Styling for the new machine was entrusted to Sacha Lakic, a Yugoslavian-born designer who grew up in France. Lakic was no stranger to motorcycle design and had earned a favourable reputation designing avant-garde concept machines for several firms. He had started his career in the automotive realm, working for Peugot under the legendary Paul Bracq, designing his first two-wheeled project following his move to the Alain Carré design studio in 1986. It was there that he penned the Axis 749, a reworked Yamaha FZ750 that was built in cooperation with Toulouse-based Boxer Bikes, with whom he would collaborate on numerous future projects.

Sacha Lakic Yamaha Axis 749
Sacha Lakic Design
In 1988 Lakic became the head of design for MBK-Yamaha, a joint venture that had formed after a series of purchases and mergers that culminated in Yamaha purchasing a controlling stake in the French manufacturer MBK Industrie (neé Motobécane) in 1986. By the late 1980s MBK-Yamaha was dedicated to producing small displacement scooters and Lakic began to earn a reputation as a talented designer through a series of eye-catching, modern designs that culminated in the Black Crystal concept unveiled at the Paris Motorshow in 1993. A carbon-fibre monocoque sport scooter with sharp, organic styling, the Black Cristal would prove to be the genesis of the modern sport scooter, with aesthetics that would set the pattern for countless designs that would follow in the 1990s and 2000s.

MBK Black Cristal
Sacha Lakic Design

Following the success of his work for MBK-Yamaha, Lakic founded his own design studio in Paris and soon began offering his services to other companies. Executives at Bimota had taken note of Lakic's work for MBK and hired him to help with the forthcoming DB3 project. He was essentially given carte blanche by Bimota; he was told by the company's marketing manager to design something "spectacular" to make the DB3, which would be the first naked Bimota, a true head turner. The only constraint was that Lakic would be limited to the bodywork and styling, and was required to use a chassis designed by Pier Luigi Marconi, Bimota's gifted long-term engineer/designer and father of the Tesi.

This was a new move on Bimota's part, who had traditionally relied on in-house designers like Marconi to provide chassis and aesthetic design for their machines. While Marconi would once again provide the bones of the machine, Lakic was entrusted with developing the styling. It would be touted in the press as the first of several machines to be designed by Lakic for the boys in Rimini, but ultimately it would be the first and last machine he would design for Bimota.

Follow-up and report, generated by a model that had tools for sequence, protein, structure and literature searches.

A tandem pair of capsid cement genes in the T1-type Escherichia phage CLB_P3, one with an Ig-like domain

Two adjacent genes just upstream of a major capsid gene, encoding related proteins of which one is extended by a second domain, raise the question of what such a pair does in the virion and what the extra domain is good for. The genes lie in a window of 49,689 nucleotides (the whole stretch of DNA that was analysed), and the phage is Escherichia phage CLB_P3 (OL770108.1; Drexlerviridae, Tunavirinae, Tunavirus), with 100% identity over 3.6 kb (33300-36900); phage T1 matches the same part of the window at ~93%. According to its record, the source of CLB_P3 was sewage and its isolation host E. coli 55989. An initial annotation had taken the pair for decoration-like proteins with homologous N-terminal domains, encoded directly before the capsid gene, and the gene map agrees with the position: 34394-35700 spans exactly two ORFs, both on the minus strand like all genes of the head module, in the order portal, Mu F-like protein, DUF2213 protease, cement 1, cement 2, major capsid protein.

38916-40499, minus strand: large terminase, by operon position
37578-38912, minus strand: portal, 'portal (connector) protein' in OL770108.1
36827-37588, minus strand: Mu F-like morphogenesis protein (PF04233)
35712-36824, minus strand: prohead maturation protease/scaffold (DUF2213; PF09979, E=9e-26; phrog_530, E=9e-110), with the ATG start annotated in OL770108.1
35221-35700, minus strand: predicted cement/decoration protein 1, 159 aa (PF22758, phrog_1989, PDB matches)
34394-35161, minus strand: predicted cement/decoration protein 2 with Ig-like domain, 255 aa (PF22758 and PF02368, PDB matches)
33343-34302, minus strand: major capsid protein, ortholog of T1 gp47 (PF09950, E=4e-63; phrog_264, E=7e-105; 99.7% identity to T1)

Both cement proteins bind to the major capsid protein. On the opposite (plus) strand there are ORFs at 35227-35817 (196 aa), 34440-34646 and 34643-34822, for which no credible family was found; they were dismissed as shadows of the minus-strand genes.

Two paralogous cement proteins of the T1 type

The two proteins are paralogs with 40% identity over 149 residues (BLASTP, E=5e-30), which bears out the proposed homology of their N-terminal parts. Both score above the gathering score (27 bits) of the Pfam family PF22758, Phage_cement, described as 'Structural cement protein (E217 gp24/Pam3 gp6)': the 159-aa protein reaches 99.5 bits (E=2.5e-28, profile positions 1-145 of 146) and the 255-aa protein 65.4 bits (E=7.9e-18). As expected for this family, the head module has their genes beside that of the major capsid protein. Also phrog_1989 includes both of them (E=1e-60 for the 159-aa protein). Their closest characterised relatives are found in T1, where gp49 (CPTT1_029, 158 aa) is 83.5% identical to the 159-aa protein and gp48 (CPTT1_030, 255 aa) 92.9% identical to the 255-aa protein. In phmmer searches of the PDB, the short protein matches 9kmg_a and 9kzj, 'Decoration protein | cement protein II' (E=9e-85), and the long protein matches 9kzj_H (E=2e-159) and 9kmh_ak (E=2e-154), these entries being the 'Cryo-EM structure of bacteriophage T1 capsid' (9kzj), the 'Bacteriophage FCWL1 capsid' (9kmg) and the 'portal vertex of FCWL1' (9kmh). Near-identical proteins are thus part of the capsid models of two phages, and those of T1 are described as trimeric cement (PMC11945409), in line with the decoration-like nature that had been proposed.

Bimota Mantra Rear Suspension

While Bimota had made its name producing steel tubular spaceframes, later moving on to twin-spar alloy beams starting with the YB4, the DB3 would use a new frame design that shared its architecture with the BMW (Rotax) powered BB1 Supermono that would ultimately be introduced alongside it. Oval-section aluminum tubing would be welded into a trellis that cradled the engine in a semi-stressed arrangement, with the swingarm pivot supported only by the crankcases of the air-cooled Ducati engine. The resulting frame weighed a mere 11lbs, with enough rigidity to have never elicited any complaints from riders of the DB3 (or the later DB4 which shared the same underpinnings). That swingarm was a mixture of square and round alloy sections, triangulated up to a straight-rate rear monoshock that was offset to the right side to clear the rear cylinder head of the 90-degree twin.

Bimota Mantra Front Suspension

Front suspension was courtesy of the Bimota-signature 43mm Paoli conventional fork, matched to an adjustable-length Paoli shock out back. Chassis geometry was virtually the same as the steel trellis-framed DB2 despite being an entirely new design: 54 inch wheelbase, 24 degrees of rake, and 3.6 inches of trail. 17-inch Marchesini three spoke alloy rims were shared with the Ducati 900SS which contributed its engine to the design. Brakes all around were naturally the mid-1990s Italian staple of Brembo Goldlines, with four-piston axial-mount P4 calipers biting 320mm cast iron full floating Brembo discs up front and a twin-piston caliper with 230mm rotor at the rear.